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"Act now, not tomorrow." Understanding & addressing perceived safety risks on public transit in Metro Vancouver

Resource type
Thesis type
(Project) M.P.P.
Date created
This study examines the public's perceived risk of violent crime on public transit in Metro Vancouver. Despite stable transit violent crime rates, there is growing distrust in the veracity of safety on TransLink services, challenging urban mobility and public safety objectives. Using qualitative interviews to understand the intersectional factors affecting perceived safety, this project investigates what contributes to this disparity between perceived and actual safety, exploring individual's experiences, the presence of transit officials, and the social context's impact on commuter choices. Key factors influence safety perceptions, including individual experiences on transit, the time and location of transit use, overlapping social issues, and the visibility of TransLink personnel. Fear of victimization is unevenly distributed, and significantly affects and is associated with marginalized groups. Through multi-criteria analysis, and academic and government officials interview insights, I propose transit safety policies that enhance environmental design and address social issues.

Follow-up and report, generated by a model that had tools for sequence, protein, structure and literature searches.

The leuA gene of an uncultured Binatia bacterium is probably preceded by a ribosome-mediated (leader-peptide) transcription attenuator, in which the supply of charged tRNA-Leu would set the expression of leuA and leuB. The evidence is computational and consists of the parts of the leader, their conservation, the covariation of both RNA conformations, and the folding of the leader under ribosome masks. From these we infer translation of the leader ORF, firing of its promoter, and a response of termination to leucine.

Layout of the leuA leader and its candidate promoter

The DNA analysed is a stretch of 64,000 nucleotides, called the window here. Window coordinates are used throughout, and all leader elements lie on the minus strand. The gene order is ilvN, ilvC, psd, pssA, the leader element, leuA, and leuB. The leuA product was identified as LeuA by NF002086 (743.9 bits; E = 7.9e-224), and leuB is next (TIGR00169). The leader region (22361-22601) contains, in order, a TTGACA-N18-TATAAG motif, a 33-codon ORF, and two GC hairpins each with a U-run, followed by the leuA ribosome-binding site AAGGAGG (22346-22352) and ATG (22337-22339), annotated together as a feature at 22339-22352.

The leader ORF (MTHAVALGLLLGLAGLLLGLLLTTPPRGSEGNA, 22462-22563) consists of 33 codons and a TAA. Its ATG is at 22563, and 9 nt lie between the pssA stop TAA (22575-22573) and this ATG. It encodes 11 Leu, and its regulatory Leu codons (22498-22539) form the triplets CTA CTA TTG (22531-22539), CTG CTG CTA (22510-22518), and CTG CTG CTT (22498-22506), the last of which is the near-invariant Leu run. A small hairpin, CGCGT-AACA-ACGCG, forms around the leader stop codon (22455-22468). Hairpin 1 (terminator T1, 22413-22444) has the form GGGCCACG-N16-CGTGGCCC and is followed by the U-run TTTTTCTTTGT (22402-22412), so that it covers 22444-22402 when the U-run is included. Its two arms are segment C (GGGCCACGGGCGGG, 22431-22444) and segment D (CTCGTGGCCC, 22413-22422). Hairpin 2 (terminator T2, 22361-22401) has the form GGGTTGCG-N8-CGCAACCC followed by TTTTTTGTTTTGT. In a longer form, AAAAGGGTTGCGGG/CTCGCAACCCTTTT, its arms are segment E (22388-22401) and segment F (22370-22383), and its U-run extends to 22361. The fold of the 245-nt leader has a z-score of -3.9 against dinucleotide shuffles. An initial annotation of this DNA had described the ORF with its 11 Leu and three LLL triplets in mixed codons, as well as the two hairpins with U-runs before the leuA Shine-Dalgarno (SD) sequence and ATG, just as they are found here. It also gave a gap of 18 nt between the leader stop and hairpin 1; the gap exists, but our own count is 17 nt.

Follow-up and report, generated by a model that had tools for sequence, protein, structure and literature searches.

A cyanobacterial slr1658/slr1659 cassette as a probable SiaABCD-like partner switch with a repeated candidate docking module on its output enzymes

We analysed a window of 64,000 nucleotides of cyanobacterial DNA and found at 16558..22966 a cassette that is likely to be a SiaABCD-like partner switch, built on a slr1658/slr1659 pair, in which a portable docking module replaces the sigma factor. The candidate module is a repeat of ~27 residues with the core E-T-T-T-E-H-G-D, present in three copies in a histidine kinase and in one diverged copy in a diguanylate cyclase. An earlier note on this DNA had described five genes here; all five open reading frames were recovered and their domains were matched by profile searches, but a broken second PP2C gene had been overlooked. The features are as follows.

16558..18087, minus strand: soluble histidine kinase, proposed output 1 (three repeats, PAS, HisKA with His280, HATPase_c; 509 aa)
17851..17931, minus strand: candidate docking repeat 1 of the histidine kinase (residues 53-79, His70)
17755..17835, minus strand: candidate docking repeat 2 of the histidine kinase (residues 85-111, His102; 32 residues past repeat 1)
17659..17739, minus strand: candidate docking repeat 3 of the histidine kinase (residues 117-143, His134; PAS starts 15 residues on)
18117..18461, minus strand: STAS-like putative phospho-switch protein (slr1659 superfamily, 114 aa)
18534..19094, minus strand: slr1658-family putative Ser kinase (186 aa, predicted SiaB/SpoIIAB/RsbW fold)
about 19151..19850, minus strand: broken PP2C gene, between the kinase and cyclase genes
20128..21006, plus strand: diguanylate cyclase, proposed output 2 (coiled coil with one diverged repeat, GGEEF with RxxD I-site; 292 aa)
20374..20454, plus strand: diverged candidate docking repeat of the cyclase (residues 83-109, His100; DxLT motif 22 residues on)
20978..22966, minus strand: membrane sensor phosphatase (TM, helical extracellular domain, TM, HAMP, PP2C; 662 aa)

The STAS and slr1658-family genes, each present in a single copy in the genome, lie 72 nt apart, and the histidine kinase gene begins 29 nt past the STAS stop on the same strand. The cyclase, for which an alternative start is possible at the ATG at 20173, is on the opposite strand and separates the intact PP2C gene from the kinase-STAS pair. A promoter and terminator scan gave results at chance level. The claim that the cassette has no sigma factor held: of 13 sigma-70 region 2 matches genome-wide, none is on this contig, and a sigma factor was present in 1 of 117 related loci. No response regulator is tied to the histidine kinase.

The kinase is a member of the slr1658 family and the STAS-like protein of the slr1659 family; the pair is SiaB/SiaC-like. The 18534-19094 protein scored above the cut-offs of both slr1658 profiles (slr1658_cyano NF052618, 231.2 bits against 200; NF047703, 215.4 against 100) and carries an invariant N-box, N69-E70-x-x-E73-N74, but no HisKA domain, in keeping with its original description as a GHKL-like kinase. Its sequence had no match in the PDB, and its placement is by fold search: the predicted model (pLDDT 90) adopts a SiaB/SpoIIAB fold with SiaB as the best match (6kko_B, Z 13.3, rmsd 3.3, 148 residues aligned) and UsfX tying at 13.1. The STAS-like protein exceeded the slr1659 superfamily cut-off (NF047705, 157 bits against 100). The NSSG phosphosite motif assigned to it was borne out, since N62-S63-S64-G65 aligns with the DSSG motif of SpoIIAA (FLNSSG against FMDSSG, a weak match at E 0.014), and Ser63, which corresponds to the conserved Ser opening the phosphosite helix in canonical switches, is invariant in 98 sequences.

63 pages.
Copyright statement
Copyright is held by the author(s).
This thesis may be printed or downloaded for non-commercial research and scholarly purposes.
Supervisor or Senior Supervisor
Thesis advisor: Zhu, Yushu
Member of collection
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etd22988.pdf 1.01 MB

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